June 2, 2010 — Marshall Herskovitz is an award-winning writer, producer, and director. He helped create such series as thirtysomething, My So-Called Life and Once and Again.
Among the films he has produced are Legends of the Fall, Traffic, The Last Samurai, Blood Diamond and the upcoming 2010 release Love and Other Drugs. He also directed Jack the Bear and Dangerous Beauty.
In 2007, Herskovitz migrated to the Internet with quarterlife, the ground-breaking online series and social network dedicated to artistic, activist twentysomethings.
Herskovitz is president of the Producers Guild of America, which will be presenting the second annual Produced By Conference June 4-6 in Los Angeles on the 20th Century Fox lot.
Screen Actors Guild spoke with Herskovitz for a preview of Produced By as well as to get his advice for young actors and hyphenates.
Screen Actors Guild: What can we look forward to hearing you speak about this weekend? As president of PGA, we’re assuming the value of unions might be one of the themes.
Marshall Herskovitz: Mark Gordon and I are going to try to speak about the future of producing, but we don't have any crystal balls! The issue of unionization is always there in the background, but it would be very complicated for legal and political reasons....
SAG: You studied at AFI, where you met your frequent creative partner Edward Zwick, and began a successful career in Hollywood shortly after. Is part of the trick finding the right people with whom you associate and do business?
MH: Well, they always say it's "who you know," don't they? I think there's a skill in creating the right kind of relationships — ones that are mutually beneficial. Certainly that's been true for Ed and me.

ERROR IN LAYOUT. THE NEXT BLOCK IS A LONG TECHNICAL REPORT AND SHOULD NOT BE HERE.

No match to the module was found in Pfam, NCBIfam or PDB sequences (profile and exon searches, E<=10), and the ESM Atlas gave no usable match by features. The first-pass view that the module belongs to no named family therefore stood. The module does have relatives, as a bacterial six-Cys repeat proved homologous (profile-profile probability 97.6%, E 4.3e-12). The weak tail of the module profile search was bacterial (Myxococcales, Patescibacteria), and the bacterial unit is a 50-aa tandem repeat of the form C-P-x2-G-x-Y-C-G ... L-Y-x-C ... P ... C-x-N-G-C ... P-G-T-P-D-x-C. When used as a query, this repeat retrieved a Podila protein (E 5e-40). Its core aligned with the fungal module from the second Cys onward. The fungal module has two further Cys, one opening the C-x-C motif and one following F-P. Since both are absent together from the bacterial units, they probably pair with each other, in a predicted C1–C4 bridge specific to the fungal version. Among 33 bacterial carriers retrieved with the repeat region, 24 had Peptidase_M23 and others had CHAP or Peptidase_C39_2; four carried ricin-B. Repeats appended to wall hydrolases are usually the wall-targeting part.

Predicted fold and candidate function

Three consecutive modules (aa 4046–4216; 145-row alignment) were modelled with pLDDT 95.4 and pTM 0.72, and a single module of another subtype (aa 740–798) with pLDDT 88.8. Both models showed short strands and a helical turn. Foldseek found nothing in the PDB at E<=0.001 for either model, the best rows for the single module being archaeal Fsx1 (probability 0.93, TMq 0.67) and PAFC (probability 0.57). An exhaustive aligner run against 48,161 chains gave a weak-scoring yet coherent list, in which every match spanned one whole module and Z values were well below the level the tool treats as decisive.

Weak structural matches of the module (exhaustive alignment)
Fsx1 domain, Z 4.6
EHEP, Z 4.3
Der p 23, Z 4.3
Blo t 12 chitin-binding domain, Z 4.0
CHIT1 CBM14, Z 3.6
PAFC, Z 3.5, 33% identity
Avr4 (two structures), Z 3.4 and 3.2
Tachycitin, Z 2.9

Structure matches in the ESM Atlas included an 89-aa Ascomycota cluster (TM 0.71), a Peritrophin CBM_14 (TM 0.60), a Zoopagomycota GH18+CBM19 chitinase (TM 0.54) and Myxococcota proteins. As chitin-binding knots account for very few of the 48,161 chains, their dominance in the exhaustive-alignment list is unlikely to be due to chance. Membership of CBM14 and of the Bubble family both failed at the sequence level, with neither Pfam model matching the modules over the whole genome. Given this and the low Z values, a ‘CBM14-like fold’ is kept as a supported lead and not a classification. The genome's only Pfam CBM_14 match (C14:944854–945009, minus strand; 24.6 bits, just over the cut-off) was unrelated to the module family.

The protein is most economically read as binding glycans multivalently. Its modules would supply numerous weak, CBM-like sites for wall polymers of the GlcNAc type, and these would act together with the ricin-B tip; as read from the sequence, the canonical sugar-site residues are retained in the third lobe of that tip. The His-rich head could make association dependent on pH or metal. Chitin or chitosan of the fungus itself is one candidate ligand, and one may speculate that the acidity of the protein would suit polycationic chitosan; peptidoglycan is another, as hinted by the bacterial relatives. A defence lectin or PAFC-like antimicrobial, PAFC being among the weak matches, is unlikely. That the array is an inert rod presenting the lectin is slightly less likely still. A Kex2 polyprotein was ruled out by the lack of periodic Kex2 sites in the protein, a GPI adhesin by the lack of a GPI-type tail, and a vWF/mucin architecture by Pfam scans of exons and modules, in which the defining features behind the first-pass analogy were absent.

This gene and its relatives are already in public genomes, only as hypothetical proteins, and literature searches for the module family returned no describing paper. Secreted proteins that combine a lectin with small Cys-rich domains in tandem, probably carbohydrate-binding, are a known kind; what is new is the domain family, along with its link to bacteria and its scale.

SAG: Are the keys to writing, producing, directing and acting for great television the same as they were with thirtysomething?
MH: That's a good question! I think good storytelling remains the same. What's changed is who's controlling that storytelling. There are so many "cooks" now in the kitchen, so many people from networks and studios demanding control, that it makes it difficult often for the creative people just to do their work.
SAG: Are online productions really the new TV or is traditional TV always going to be a different beast? Will the differences evaporate?
MH: I've learned from painful experience that online production is not a business yet. Television is still a vast and growing medium. Cable television is the most exciting part of the entertainment universe right now, if you ask me. Look at the fascinating work being done there.
I think the whole concept of Internet over Television has been overlooked until recently. Now Google is jumping in in a big way. This in my mind is going to be the game changer — when you have limitless feeds over the Internet coming into your TV. No one knows what this will end up looking like!
SAG: Has the success of quarterlife played a part in changing the discussion?
MH: I'd like to think that quarterlife had some influence, but I'm not sure it has, frankly. It was still using the advertising-supported Internet model. And I think that model has shown itself to be inadequate for Internet-only productions. Let's see what happens with Internet Over TV.
SAG: How much of what you’ve learned as a producer did you learn by trial and error?